by Andrew Fraser, policy officer in the CAS Strong Communities team.
This article was first published in the Herald on 18 November 2020.
As the Coronavirus pandemic and subsequent lockdowns continue to impact on our day to day lives, we are all finding new ways to adapt.
For many of us, these adaptations include ordering much of what we need over the internet. While online shopping has become increasingly popular over recent years, the coronavirus crisis has accelerated this trend, which looks likely to continue for the usual key shopping dates of Black Friday, Cyber Monday and in the run up to Christmas.
With this mind, it is more important than ever that consumers know their rights when buying things online. For too many consumers and businesses, who are increasingly reliant on online services, prices can be unfair or there can be hidden costs. Sometimes consumers are refused delivery altogether just because of their postcode.
Along with other partners, Citizen Advice Scotland (CAS) is working to ensure that consumers are aware of their rights in relation to online shopping and delivery of goods.
This is National Consumer Week, an annual UK-wide campaign which aims to raise awareness of consumer issues. This year’s campaign focuses on consumer rights when shopping online. It aims to help people understand the steps they can take to protect themselves, for example from potential scams or dubious retailers, and help them to know what action they can take when something goes wrong.
For instance, if something you ordered hasn't arrived, under the Consumer Rights Act, you can ask the seller to deliver the item again if it wasn’t delivered within a reasonable time - usually within 30 days.
A number of other things can go wrong when buying things online including damaged or unsatisfactory goods, poor customer service, traders going bust, and of course scams.
The important thing to stress is that in all of these situations you have rights. Just because the purchase has been made online rather than over a counter, you as a consumer still have legal protections, and this week is all about highlighting those so you can exercise them when needed.
One issue that particularly affects Scottish consumers is parcel surcharging – a problem that CAS has long campaigned on, having first been raised by Skye and Lochalsh Citizens Advice Bureau.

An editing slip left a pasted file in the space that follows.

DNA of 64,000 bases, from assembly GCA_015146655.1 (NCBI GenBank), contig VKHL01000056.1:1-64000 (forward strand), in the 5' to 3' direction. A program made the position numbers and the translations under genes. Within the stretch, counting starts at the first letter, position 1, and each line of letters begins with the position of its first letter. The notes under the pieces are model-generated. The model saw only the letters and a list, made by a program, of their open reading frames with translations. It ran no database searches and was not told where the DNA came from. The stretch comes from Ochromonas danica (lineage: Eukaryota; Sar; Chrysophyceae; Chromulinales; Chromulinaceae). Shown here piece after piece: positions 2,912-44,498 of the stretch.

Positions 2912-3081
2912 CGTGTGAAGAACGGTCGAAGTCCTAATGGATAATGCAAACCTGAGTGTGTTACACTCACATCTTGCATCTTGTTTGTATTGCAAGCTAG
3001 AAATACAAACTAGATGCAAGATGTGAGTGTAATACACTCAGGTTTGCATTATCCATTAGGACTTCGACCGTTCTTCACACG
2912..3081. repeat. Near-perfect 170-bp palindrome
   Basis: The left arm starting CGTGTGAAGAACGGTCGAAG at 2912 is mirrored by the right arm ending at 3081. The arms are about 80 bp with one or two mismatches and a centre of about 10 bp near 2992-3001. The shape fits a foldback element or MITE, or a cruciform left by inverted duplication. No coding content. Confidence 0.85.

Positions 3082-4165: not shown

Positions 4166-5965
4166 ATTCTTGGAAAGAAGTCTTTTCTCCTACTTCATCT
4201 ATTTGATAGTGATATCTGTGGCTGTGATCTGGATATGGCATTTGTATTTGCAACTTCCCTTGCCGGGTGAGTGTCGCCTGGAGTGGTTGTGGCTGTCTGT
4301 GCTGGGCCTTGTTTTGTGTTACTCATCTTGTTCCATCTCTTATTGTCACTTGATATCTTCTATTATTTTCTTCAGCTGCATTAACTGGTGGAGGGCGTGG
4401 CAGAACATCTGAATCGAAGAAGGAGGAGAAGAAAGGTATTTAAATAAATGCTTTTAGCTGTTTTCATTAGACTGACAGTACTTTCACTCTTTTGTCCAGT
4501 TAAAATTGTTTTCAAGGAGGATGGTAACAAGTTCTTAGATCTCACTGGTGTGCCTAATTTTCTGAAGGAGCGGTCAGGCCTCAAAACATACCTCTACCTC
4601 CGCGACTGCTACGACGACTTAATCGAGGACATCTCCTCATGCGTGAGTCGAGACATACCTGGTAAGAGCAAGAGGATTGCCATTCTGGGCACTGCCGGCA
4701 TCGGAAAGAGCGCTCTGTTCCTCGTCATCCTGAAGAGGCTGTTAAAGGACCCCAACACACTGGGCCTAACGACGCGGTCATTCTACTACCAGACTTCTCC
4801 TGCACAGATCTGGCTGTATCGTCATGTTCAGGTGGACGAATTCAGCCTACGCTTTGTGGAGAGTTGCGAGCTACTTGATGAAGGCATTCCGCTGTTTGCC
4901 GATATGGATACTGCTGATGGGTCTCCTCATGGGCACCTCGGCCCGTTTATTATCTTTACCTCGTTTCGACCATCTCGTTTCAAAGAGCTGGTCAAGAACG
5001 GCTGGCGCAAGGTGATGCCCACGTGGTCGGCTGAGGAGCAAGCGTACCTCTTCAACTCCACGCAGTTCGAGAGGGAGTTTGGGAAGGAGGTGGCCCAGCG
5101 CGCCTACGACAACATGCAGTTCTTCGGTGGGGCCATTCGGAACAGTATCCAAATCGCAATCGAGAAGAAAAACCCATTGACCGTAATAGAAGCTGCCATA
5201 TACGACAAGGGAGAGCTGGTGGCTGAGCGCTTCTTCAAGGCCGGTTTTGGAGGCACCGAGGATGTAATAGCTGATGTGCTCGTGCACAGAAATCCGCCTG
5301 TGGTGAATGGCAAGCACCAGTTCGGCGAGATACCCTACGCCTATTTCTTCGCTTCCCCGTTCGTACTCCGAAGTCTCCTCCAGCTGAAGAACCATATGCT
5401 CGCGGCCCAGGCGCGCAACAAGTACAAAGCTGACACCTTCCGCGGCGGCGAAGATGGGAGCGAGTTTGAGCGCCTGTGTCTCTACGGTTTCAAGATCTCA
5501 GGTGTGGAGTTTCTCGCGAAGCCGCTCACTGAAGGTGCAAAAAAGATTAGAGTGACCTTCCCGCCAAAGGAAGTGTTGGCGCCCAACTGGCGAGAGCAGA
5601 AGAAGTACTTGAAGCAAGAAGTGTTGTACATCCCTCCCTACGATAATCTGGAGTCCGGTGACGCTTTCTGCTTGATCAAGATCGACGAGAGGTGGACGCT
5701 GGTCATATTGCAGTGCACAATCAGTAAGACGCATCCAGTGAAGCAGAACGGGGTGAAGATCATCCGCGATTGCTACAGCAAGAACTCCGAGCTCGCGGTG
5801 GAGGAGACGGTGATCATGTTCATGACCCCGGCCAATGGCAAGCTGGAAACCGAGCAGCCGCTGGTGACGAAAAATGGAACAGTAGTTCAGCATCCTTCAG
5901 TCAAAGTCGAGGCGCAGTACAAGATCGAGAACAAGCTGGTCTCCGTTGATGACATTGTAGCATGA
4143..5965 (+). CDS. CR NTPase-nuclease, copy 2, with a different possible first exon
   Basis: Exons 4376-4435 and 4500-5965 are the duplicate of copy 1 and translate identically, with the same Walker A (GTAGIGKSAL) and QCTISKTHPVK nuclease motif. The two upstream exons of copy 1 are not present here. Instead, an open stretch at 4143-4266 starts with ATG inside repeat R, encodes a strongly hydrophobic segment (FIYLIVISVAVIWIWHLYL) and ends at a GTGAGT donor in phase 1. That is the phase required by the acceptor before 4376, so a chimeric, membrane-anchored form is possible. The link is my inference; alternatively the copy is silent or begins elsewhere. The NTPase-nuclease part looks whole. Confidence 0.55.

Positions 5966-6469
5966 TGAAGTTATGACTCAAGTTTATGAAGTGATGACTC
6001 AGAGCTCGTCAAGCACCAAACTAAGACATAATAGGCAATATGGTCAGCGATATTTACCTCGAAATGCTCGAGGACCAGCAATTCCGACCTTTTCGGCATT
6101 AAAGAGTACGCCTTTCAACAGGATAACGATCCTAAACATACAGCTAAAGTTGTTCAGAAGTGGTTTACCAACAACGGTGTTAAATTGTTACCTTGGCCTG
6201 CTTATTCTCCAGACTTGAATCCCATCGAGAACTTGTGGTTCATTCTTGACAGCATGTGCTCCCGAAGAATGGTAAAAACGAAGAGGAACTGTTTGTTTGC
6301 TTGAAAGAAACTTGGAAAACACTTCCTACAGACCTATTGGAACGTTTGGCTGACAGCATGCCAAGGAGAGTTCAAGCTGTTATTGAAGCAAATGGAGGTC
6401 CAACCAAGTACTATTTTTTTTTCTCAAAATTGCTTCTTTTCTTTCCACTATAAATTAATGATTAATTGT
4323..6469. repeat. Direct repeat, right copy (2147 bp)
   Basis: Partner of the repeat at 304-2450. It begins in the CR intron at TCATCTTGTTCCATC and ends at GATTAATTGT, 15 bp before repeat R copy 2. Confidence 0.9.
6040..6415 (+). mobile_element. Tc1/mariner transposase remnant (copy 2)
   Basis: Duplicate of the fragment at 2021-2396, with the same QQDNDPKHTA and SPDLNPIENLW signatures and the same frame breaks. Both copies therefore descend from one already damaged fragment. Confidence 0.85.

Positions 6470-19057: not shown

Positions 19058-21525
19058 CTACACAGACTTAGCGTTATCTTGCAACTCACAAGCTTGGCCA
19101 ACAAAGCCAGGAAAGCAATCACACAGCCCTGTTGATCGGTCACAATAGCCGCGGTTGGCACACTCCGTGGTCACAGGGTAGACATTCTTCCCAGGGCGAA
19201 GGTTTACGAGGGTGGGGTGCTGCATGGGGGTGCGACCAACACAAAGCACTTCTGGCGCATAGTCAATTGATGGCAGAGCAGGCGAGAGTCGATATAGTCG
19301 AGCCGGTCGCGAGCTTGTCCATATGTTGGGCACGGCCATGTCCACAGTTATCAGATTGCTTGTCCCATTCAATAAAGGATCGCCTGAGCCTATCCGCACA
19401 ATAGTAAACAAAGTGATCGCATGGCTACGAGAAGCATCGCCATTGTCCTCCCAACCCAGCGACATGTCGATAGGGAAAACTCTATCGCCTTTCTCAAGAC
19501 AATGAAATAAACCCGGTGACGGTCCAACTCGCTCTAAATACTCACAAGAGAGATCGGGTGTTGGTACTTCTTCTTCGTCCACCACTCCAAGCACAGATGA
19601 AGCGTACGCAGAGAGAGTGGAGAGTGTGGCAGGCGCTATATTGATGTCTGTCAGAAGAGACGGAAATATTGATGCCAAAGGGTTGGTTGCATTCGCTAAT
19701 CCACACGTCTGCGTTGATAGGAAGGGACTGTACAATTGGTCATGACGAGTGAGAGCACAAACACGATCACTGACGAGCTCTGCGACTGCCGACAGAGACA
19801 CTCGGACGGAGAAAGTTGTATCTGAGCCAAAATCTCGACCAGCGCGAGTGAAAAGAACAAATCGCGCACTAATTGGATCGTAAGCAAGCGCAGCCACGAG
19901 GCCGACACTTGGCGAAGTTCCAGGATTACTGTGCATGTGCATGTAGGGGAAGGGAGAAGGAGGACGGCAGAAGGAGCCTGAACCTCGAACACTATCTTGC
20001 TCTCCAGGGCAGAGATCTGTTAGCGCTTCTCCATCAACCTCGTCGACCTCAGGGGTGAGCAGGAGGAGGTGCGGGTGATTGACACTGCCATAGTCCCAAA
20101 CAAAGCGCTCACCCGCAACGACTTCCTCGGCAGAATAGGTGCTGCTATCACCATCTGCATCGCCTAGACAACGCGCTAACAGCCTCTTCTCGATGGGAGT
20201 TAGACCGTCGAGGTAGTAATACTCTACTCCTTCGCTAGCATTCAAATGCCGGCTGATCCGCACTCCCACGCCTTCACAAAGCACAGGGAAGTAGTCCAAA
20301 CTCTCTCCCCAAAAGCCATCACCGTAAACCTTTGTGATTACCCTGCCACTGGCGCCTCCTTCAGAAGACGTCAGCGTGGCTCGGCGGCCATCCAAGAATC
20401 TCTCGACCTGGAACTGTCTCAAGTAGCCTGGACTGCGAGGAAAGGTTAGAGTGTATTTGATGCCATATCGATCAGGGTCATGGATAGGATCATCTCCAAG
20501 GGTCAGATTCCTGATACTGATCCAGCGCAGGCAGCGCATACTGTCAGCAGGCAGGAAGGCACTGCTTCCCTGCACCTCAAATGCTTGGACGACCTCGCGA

Our research has found that up to one million Scottish consumers may be affected by parcel surcharging: paying unfair high prices for delivery of items ordered online, just because of where they live. It’s clear that consumers remain dissatisfied with the current parcel delivery landscape and see it as being unfair and discriminatory.
The issue often affects anyone ordering goods to be delivered north of the central belt, including those in Perthshire, Aberdeenshire, Moray, Argyll and Bute, the Highlands, and the Scottish Islands.
As a Highlander, this is something that I have first-hand experience of myself. During lockdown, for example, myself who lives in Edinburgh and my mum living in the Highlands made similar orders. Each time my mum is charged extra for delivery because she lives near Inverness. Over the years, higher delivery charges for those based in the north has led us to question whether there was a sea near Dalwhinnie that separated us from the south of Scotland!
CAS have also heard recently from one consumer in Aberdeenshire who purchased a new greenhouse. The supplier advertised "FREE Delivery within 30 weeks. Some Scottish postal areas attract an additional delivery charge." That additional charge came to £550.00 being added to the bill! When asked why this enormous charge was added, the delivery company stated that they charge an additional £500 for deliveries north of Grangemouth.
No-one should face unfair pricing based on where they live. Various Citizen Advice Bureaux across Scotland are campaigning over the course of this year for fairer deliveries in order to raise awareness of the detriment to consumers and SMEs caused by surcharging and the lack of transparency around delivery fees.
CAS is also working with the Scottish Government to improve awareness and encourage best practice by retailers and delivery companies. Our aim is for all consumers and businesses to receive fair delivery services, no matter their location. For example, it may be possible to reduce the costs involved in delivering parcels in more remote areas through cooperation between parcel delivery operators and the public sector.
If you're looking for advice on what your consumer rights are when buying online and what you can do if you have a problem, you can always access support on our advice website. Details of our Fair Deliveries campaign can be found here.
As we approach the season of spending hard-earned cash on presents for our loved ones, it is vital that the people of Scotland can all make online purchases and receive their goods safely and at a fair price. That’s surely a sentiment we can all share as we go into the season of goodwill to all.